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November 19, 1863: Lincoln Delivers the Gettysburg Address

November 22, 2014

lincoln-gettysburg-addressThis Month in History: Dressed in a black suit, tall silk hat and white gloves, 151 years ago this month Abraham Lincoln delivered the famous Gettysburg Address to a crowd of onlookers in what is now Lincoln Square. They had come to hear what the President would say about the bloody battle on July 3, where 51,000 soldiers were killed, wounded, or captured.

Lincoln had arrived on the day before, and was escorted to David Wills’ home, where he is known to have finished the 272-word speech. It described his vision for “a new birth of freedom” for America, and while reaction to the address was mixed initially, today the Gettysburg Address is considered one of the greatest speeches of all time. Read more to learn why.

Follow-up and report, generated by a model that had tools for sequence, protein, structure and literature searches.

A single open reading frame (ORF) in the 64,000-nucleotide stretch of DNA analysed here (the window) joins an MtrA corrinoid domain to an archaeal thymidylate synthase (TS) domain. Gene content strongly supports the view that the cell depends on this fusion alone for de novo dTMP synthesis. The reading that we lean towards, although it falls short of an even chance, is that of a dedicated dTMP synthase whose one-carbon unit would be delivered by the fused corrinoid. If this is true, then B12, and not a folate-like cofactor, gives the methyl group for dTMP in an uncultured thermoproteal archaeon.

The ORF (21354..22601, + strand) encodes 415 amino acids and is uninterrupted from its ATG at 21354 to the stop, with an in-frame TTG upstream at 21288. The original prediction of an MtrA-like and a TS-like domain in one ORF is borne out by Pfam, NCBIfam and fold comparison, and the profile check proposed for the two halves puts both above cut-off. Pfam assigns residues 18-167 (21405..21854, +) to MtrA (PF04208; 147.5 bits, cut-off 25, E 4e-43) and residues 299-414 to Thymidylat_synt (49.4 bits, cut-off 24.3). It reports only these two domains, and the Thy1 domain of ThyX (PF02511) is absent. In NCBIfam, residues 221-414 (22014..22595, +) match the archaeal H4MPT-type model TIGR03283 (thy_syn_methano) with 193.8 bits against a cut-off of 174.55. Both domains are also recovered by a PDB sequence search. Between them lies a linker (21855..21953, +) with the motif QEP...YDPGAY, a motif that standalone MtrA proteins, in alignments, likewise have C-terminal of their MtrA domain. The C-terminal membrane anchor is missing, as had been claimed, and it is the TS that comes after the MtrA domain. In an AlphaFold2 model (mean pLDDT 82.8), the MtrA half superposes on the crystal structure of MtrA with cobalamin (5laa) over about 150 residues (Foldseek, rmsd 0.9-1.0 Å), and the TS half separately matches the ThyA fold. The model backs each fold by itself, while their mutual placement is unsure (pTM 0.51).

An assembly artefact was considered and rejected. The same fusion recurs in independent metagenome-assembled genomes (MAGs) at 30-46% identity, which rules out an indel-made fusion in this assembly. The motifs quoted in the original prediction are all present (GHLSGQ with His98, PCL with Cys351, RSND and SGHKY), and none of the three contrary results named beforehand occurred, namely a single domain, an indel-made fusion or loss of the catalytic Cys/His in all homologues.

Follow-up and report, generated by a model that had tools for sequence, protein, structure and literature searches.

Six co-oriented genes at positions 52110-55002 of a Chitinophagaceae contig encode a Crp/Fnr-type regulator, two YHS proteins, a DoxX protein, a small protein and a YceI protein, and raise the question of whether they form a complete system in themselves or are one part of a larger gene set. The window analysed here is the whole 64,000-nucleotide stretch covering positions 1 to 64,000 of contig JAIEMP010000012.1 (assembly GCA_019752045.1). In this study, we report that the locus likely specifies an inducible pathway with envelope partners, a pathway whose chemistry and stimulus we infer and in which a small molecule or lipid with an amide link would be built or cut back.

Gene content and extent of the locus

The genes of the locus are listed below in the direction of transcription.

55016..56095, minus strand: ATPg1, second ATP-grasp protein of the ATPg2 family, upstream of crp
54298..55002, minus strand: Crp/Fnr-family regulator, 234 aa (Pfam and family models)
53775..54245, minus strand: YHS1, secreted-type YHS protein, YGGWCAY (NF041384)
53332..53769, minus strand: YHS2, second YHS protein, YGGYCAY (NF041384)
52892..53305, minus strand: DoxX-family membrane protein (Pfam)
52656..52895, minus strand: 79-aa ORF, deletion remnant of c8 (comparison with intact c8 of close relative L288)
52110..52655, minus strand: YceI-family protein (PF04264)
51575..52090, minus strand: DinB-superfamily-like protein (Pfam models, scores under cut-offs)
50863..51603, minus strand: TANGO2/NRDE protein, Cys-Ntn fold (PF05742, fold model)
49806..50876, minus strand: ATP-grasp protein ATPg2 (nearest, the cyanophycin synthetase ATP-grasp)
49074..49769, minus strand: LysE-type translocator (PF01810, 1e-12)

Four score and seven years ago, our fathers brought forth on this continent a new nation, conceived in liberty, and dedicated to the proposition that all men are created equal.

Now we are engaged in a great civil war, testing whether that nation, or any nation so conceived, and so dedicated, can long endure. We are met now on a great battlefield of that war. We have come to dedicate a portion of that field as a final resting place for those who here gave their lives that that nation might live. It is altogether fitting and proper that we should do this.

But, in a larger sense, we cannot dedicate… we cannot consecrate… we cannot hallow this ground. The brave men, living and dead, who struggled here have consecrated it, far above our poor power to add or detract. The world will little note, nor long remember, what we say here, but it can never forget what they did here. It is for us the living, rather, to be dedicated here to the unfinished work which they who fought here have thus far so nobly advanced.

It is rather for us to be here dedicated to the great task remaining before us… that from these honored dead we take increased devotion to that cause for which they gave the last full measure of devotion… that we here highly resolve that these dead shall not have died in vain… that this nation, under God, shall have a new birth of freedom… and that government of the people… by the people… for the people… shall not perish from the earth.

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